0
$\begingroup$

I'm looking to answer the following question:

There are given two increasing sequences $$a_n : 0.001; 0.004; 0.009; ... $$ $$b_n : 100; 300; 500; ... $$

Can the 1st sequence catch up with the 2nd(that is, can the inequality $a_n > b_n$ be satisfied for some $n$)

Looking at the 2 sequences I suspect that $a_n$ will surpass $b_n$ for some n as the intervals for a_n are growing.

How would I describe the situation in mathematical notation? In other words, I can see the answer to the question but I don't know how to write it down mathematically.

$\endgroup$
  • $\begingroup$ You need to define the sequences not just give the first three terms $\endgroup$ – Ben W Jan 6 at 19:57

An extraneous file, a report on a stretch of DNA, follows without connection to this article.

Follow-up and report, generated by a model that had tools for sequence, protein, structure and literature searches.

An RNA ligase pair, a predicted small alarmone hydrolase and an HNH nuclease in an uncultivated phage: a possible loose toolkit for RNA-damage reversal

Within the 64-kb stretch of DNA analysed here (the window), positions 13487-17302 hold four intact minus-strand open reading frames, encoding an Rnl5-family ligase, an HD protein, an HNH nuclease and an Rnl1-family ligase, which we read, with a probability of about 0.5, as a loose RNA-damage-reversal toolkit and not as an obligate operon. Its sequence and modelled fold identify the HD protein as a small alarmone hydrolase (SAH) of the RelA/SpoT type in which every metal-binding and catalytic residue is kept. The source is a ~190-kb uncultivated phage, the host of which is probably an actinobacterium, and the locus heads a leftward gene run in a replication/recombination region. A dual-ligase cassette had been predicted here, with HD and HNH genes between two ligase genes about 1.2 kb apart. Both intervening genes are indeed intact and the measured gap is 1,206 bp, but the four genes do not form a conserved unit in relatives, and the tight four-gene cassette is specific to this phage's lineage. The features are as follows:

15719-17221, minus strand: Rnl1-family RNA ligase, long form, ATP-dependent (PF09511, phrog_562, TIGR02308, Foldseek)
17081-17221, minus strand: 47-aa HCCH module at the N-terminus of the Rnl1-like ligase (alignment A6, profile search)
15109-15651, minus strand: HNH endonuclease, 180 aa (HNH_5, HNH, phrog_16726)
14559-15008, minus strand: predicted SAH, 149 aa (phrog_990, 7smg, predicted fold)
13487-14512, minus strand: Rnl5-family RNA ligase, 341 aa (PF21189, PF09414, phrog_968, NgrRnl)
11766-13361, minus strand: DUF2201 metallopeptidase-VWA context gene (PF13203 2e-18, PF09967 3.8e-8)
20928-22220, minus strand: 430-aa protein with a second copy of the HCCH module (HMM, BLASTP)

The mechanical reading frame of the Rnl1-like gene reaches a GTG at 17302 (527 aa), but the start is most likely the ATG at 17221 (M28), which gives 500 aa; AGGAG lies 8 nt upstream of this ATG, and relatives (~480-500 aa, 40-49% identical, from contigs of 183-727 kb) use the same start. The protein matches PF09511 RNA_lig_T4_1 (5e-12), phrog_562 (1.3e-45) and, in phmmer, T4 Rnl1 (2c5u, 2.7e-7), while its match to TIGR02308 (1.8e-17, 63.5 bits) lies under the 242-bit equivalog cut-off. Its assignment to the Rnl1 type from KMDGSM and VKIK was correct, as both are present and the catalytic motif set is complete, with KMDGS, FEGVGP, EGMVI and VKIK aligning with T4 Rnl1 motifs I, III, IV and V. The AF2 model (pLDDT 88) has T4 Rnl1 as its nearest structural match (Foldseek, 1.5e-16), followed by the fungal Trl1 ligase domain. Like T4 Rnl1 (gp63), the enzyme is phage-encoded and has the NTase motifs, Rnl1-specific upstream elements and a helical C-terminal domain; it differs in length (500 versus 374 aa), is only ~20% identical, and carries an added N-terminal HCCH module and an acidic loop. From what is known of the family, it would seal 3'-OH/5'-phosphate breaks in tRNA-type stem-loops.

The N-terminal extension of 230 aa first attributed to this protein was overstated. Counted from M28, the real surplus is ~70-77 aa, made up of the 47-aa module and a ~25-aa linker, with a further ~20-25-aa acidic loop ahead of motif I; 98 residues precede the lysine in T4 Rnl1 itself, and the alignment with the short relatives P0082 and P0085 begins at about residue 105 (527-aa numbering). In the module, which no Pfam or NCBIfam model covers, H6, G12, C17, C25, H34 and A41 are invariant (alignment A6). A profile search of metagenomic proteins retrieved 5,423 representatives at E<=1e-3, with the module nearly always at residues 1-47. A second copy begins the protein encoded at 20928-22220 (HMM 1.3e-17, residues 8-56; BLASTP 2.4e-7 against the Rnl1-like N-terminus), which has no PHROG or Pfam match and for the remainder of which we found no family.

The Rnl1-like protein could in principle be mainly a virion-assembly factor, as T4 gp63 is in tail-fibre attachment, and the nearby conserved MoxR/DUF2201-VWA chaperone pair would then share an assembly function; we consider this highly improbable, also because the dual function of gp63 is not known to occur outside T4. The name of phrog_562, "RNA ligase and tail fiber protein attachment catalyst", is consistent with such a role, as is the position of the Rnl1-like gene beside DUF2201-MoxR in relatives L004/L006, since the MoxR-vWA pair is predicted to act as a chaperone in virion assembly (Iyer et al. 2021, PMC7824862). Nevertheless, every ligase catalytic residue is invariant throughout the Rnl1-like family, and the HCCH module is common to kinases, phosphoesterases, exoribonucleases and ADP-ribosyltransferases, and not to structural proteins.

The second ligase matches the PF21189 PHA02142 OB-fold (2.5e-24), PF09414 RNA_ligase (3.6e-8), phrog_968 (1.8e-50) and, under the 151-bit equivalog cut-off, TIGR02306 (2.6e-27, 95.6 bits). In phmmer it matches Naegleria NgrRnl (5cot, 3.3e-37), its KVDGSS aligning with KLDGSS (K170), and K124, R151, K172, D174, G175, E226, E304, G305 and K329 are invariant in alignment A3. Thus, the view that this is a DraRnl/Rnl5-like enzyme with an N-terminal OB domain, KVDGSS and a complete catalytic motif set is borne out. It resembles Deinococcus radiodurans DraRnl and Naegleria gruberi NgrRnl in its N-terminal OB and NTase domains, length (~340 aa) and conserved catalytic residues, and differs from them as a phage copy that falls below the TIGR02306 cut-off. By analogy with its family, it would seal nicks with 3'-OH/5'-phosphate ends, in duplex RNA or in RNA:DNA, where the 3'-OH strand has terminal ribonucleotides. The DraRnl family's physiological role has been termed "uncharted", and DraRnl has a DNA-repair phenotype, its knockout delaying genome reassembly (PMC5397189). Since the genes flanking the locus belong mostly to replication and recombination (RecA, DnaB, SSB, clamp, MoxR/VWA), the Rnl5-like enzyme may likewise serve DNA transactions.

• $\begingroup$ My guess is that $a_n = 10^{-3} n^2$ while $b_n = 100 (2n-1)$. If so, $a_n - b_n$ is a quadratic... $\endgroup$ – Robert Israel Jan 6 at 20:00
  • $\begingroup$ @BenW that was the way it was given in the question and I wasn't sure what you meant by define the sequences but RobertIsrael has given the answer. just define the sequences in that way and then solve for $a_n - b_n > 0$. At least I think that will work $\endgroup$ – esc1234 Jan 6 at 20:25
0
$\begingroup$

hint

for $n\ge 1$,

$$a_n=0.001\times n^2$$

$$b_n=-100+200n.$$

$\endgroup$
  • $\begingroup$ yes, I have it now. Thanks for the tip! $\endgroup$ – esc1234 Jan 6 at 20:27

Your Answer

By clicking “Post Your Answer”, you agree to our terms of service, privacy policy and cookie policy

Not the answer you're looking for? Browse other questions tagged or ask your own question.